Parents are attempting to push their adult children out of the nest — but they’re not budging, and it’s coming at a cost.
At the peak of the pandemic, 52% of young adults between 18-24 years old moved back in with their parents, according to data from the Pew Research Center. But more than two years later, 40% of parents are still hosting their adult child in their home, and in many cases, financially supporting them.
The rising cost of rent, along with the need for financial support, are the top reasons young adults are struggling to make it on their own. Yet parental support may be threatening the financial security of older generations, especially when it comes to their nest egg for retirement.
“A lot of parents were in the sandwich generation, where they were taking care of older parents while also caring for their younger children,” says Delvin Joyce, a financial planner at Prudential. “Now, their parents are getting older and their health is fading, and their older kids are moving back into the house. It’s having a compounding effect on the lack of preparedness for retirement, because people are feeling pressured to reach into their retirement savings for their younger kids as they move back in.”
A survey by Thrivant, a financial services firm, found that 35% of parents with adult children at home have compromised their retirement savings to help their children financially. Separate research from Savings.com found that 50% of parents give their adult children $1,000 a month in financial support, and 25% are willing to dip into their savings and retirement to cover the expense.
“Because most people are not really prepared for their own retirement, having to dip into some of those limited retirement savings to support an older kid is not really something that most Americans are prepared to do,” Joyce says. “It’s just having a disastrous effect on people in their retirement readiness.”
That miscommunication could be due in part to the stigma around discussing financial matters among family members: the Thrivant data found that 70% of parents have not discussed money management or asked their children to chip in while living at home with them. Meanwhile, though 72% of kids who moved home believe their parents can financially support them, just 21% of parents agree, Pew Research Data found.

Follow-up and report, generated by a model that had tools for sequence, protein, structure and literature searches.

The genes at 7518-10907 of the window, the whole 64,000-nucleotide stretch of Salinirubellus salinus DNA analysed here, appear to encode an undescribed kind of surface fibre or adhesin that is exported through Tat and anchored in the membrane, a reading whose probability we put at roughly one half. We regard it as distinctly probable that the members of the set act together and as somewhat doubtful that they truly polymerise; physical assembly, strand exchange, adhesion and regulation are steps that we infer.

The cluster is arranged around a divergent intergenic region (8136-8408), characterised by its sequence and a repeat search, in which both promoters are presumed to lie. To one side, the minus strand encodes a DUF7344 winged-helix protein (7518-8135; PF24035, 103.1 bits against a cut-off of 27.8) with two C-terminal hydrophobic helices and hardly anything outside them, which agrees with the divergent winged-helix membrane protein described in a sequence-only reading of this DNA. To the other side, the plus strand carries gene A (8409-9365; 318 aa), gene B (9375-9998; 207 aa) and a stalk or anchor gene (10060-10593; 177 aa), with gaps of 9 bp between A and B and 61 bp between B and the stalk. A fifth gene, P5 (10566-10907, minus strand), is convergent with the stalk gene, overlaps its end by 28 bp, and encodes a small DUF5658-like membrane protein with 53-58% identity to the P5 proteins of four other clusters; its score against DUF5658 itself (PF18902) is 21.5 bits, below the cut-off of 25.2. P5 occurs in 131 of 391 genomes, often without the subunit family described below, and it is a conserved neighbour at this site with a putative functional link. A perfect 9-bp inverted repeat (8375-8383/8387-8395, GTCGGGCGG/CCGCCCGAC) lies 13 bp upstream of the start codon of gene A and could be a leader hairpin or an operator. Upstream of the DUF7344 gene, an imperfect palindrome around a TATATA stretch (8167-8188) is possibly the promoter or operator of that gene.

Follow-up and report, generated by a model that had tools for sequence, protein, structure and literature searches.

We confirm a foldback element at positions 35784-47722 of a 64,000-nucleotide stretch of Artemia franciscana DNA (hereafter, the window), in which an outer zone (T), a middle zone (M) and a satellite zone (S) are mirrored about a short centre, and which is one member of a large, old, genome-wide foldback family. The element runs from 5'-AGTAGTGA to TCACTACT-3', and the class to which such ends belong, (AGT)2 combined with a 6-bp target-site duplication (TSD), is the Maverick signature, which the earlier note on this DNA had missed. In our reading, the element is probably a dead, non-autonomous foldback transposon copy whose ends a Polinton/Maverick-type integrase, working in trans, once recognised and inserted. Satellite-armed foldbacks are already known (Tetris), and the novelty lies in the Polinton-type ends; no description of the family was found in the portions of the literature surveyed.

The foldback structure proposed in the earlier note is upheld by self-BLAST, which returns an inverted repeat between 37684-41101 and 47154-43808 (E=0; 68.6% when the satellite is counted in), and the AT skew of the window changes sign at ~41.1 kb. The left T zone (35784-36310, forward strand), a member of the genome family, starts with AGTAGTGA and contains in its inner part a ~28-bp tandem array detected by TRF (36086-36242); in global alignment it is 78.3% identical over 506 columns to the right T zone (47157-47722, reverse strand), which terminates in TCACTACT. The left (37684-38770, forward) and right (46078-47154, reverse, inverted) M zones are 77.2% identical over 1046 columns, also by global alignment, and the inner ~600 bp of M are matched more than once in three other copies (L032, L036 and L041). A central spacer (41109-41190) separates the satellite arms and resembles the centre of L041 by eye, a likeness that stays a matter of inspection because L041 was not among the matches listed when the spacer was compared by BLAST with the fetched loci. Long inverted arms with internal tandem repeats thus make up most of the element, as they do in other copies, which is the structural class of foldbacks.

The guilt many parents feel that their children may be struggling financially also keeps parents and children from having honest conversations around money, Joyce says.
“In our country, we make people feel terrible if they’re not paying for their kids’ college 100%, or if they make their grown kids pay rent in their house,” he says. “A lot of people feel that they owe their children and don’t necessarily want to have to take resources away from them as they’re just getting started in life.”
In order to preserve their own financial wellness, parents need to get vocal about their financial situation, and figure out ways to offset the cost of supporting an adult child. Joyce recommends asking adult children to chip in with things like landscaping or house cleaning if they can’t afford to make a monetary contribution to the bills.
If a parent or child is in dire financial straits, taking out a 401(k) loan could be less damaging to a person’s savings, since they won’t be penalized or taxed like they would if they used their distributions, Joyce says. However, both parents and their children should work together to find a solution that puts both parties’ financial health at ease.
“As children, our parents are superheroes and so of course we overestimate how well they’ve done financially,” he says. “As parents, we don’t want to tell our kids, ‘Hey, maybe we haven’t done as well as you perceive.’ If you’re a parent who has a grown adult child moving back into the home, it’s a fantastic opportunity for you to help them clarify their own goals and objectives.”
Joyce also recommends involving children in financial planning conversations before they head back into the home. He often advises clients to bring their children to meetings where their finances are discussed, which can help them start to understand money and build their own financial habits at a young age.
“When I meet with clients in their 60s, the number one thing they always say is, ‘Wow, I wish I had started this process in my twenties,’” Joyce says. “Being able to set that foundation at a young age really gives them an opportunity to get a head start on their financial wellness.”